Police Raid Asian Wildlife Markets in New Enforcement Push
BANGKOK, Thailand, December 23, 2011 (ENS) – Wildlife crime networks in Asia have been hit by a police operation against the illegal trade in endangered species coordinated by Interpol as part of a strengthened enforcement regime. During the first two weeks of December, police conducted raids and investigations and made arrests across the region.
Supported by Operation Stocktake, Interpol’s Environmental Crime Programme, enforcement agencies from India, Indonesia, Malaysia and Thailand inspected markets, restaurants and shops to identify those selling and trading endangered wildlife alongside legal products. They also were on the lookout for the sale of wildlife meat, or bushmeat, for human consumption.
India’s Wildlife Crime Control Bureau carried out searches in 37 shops and arrested 10 suspects, who now face criminal proceedings for trading items such as ivory and leopard claws.
Parrot for sale in Bangkok’s Chatuchak market (Photo by Christine Zenino)
A number of birds were recovered as evidence along with marine animals such as sea cucumbers and shells.
Officers from the Specialized Crime Department of Indonesia National Police coordinated the operation from Jakarta.
East Kalimantan Regional Police arrested four suspects believed to be responsible for the killing of orangutans. They recovered firearms and what are believed to be orangutan bones.
In Malaysia, officers from the Department of Wildlife and National Parks inspected 21 shops and restaurants. As a result, four persons are facing charges for possession of protected species. One restaurant was caught selling porcupine, civet and wild boar meat.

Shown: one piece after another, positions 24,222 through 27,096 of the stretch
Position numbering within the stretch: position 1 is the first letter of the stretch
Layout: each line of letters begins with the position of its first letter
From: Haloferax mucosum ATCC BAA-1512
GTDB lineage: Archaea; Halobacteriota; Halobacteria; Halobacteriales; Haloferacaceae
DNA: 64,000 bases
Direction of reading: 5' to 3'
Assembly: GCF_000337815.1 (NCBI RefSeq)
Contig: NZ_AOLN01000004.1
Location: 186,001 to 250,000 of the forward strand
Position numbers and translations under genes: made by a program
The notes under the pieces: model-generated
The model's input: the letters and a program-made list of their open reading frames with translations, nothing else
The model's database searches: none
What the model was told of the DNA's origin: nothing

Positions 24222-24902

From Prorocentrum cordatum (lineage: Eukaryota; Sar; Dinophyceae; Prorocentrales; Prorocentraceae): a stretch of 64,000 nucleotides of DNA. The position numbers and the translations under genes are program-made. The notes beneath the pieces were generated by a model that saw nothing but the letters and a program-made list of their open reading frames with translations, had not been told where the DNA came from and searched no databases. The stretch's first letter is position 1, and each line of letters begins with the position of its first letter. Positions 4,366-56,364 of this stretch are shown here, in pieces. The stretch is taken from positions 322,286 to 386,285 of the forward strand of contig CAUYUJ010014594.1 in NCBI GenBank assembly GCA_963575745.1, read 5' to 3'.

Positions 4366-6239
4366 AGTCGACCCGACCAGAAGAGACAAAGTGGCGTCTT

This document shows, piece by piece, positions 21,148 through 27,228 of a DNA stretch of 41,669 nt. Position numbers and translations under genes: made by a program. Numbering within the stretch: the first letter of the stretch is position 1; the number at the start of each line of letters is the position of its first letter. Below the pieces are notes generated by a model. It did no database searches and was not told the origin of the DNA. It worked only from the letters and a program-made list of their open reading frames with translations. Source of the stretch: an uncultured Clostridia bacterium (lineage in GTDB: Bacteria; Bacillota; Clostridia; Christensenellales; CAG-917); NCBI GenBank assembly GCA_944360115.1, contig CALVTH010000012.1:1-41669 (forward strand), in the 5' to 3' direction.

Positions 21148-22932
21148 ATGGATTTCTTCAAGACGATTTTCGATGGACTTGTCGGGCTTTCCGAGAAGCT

Officers from the Thailand Police Natural Resources and Environmental Crime Division focused their efforts on Bangkok’s Chatuchak Market, the largest market in Thailand and a known hub for illegal wildlife trafficking.
Investigators are developing and studying intelligence gathered during the operation and investigations continue.
Interpol’s Acting Executive Director for Police Services Bernd Rossbach said, “This operation demonstrates the strength of the Interpol global network in coordinating operations against transnational crimes such as wildlife trafficking. Working with its 190 member countries, Interpol helps combat crimes which are a threat to global environmental security and human health.”
All four countries involved in Operation Stocktake uncovered evidence of transnational crimes and are working with Interpol to pursue international leads.
Justin Gosling, Interpol’s Wildlife Crime Officer in Bangkok, said that Operation Stocktake was a strong beginning to a series of actions targeting regional wildlife markets which are not only a threat to wild species and their welfare, but also represent a danger to public health through the potential spread of zoonoses, diseases that spread from animals to humans.
Participants in the controlled delivery workshop (Photo courtesy CITES)
In other Interpol activity, 50 representatives from customs, police, prosecution and specialized agencies from 18 countries across Africa and Asia attended the first international workshop to establish a network of controlled delivery units for forest and wildlife law enforcement.
Controlled deliveries have been a tool for investigating drug and tobacco smuggling, but their use in wildlife smuggling is more recent.
Allowing controlled deliveries enables enforcement agencies to monitor the supply of contraband wildlife and wildlife products to manufacturers, retailers or individuals.
The interception of smuggled wildlife and wildlife products, prevents illegal goods from reaching consumers or black markets, Interpol officials explained.
But interception often leads only to the arrest of “mules” or couriers and seldom to the arrest and conviction of the criminals who direct and organize the smuggling.